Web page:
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A lithium anode is part of a battery, is negatively charged, generates power and, in this case, is composed of lithium. Although the lithium anode is the primarily marketed aspect of batteries, the cathode that allows the electrical current to flow is made from different materials, and the cathode is important in determining the cell’s usefulness. Lithium batteries create a powerful voltage compared with other anodes, and they are useful in rechargeable batteries and batteries that need longevity, such as those used in pacemakers or wireless clocks. A special commercial version of lithium batteries, known as lithium-thionyl chloride cells, are especially good for low-current needs and typically are not sold to consumers.
Anodes are used in every battery and power cell, and they are where the power is produced. Lithium anode batteries used lithium to generate the power, and this type of cell creates higher voltages than other, similar cells. A lithium battery can make 1.5-3.7 volts, which is twice as much as other anodes, such as zinc-carbon and alkaline anodes.
Most rechargeable batteries use a lithium anode. This is because lithium is able to keep the energy longer than most other anodes and is able to last longer when used in electronics. The energy density of a lithium rechargeable cell is also among the highest, so the charge will not reduce even if the battery is not used for a long time.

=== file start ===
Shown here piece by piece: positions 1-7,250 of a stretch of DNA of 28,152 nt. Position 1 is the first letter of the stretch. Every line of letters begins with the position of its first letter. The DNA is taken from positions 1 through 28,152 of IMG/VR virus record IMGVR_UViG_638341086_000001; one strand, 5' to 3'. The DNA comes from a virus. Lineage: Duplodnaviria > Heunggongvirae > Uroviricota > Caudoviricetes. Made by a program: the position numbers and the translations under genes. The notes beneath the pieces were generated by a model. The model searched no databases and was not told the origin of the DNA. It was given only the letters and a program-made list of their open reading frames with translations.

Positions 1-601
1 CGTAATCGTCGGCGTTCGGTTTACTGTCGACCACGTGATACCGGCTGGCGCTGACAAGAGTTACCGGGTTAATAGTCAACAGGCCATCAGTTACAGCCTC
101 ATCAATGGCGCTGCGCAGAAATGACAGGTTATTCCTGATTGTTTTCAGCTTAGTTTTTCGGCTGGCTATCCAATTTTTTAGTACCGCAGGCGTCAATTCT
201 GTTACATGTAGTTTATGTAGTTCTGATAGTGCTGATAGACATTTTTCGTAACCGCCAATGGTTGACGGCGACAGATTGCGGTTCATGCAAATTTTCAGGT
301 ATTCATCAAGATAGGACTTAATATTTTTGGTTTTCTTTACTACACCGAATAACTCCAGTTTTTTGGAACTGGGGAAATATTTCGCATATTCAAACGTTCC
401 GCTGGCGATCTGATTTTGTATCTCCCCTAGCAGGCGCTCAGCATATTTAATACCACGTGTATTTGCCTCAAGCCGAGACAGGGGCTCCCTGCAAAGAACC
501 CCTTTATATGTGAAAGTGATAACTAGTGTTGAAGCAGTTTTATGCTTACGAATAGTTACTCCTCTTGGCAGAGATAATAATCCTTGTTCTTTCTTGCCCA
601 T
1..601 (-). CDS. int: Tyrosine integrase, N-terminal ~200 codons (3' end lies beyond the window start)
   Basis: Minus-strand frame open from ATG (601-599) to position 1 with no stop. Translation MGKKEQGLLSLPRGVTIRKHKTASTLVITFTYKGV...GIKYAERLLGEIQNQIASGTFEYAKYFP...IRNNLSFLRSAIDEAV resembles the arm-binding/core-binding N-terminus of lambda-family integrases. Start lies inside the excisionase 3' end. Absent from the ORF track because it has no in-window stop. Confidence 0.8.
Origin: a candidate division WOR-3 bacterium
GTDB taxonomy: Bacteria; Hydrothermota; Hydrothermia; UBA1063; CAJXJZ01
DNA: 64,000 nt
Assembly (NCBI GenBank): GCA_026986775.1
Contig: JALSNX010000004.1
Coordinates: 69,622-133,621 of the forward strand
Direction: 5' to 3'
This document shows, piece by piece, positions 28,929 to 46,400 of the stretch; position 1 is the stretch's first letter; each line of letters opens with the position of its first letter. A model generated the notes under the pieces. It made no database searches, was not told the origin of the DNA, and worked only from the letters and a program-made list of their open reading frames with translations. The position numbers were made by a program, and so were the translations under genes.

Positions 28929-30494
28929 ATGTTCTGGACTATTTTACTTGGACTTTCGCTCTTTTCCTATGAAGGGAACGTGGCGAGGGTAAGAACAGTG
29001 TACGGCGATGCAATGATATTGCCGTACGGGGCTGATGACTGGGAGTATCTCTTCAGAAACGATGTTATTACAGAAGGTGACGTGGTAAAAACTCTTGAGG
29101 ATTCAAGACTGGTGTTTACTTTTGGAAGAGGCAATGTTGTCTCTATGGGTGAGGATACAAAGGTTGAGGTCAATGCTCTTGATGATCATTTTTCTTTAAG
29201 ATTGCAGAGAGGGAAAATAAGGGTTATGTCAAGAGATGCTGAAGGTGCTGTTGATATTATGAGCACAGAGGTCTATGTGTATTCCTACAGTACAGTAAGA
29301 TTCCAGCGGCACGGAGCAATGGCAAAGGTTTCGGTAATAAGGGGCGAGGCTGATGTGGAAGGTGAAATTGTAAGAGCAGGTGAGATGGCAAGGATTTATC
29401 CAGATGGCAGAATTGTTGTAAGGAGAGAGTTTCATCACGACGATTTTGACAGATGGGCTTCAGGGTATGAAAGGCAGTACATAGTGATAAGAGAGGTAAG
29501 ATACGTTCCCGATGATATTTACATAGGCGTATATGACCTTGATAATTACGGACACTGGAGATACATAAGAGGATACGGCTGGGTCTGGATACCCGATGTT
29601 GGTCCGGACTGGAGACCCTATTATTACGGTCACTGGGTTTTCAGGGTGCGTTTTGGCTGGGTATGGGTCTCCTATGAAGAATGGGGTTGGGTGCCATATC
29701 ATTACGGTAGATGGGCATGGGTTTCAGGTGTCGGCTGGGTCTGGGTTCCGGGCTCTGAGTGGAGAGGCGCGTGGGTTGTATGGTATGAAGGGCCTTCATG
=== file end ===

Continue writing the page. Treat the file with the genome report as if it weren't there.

In terms of durability, a lithium anode ranks very highly. Even years after the anode is used, lithium will not degrade. This means that the battery will be able to maintain the same amount of power for a long time. Other anodes that have lower durability will maintain a reduced charge after extended use, meaning that these batteries will need to be replaced before lithium cells need to be replaced.
The cathode used in a lithium battery is another determining factor in how powerful the battery is. The three main cathodes are vanadium, thionyl chloride and sulfur dioixide. Vanadium has moderate storing stability and produces a high-energy output. Thionyl chloride, which usually is not sold to consumers, provides lower energy than other cathodes but is very stable when stored. Sulfur dioxide cathodes have moderate energy but have poor stability.
Lithium anodes are most commonly used in products and electronics for which longevity is necessary. A wireless clock is a good example, but better examples are implanted medical devices such as pacemakers and defibrillators, which need to work constantly without giving out. Lithium also is one of the lightest anodes used, so more material can be placed in the cell for a longer charge.
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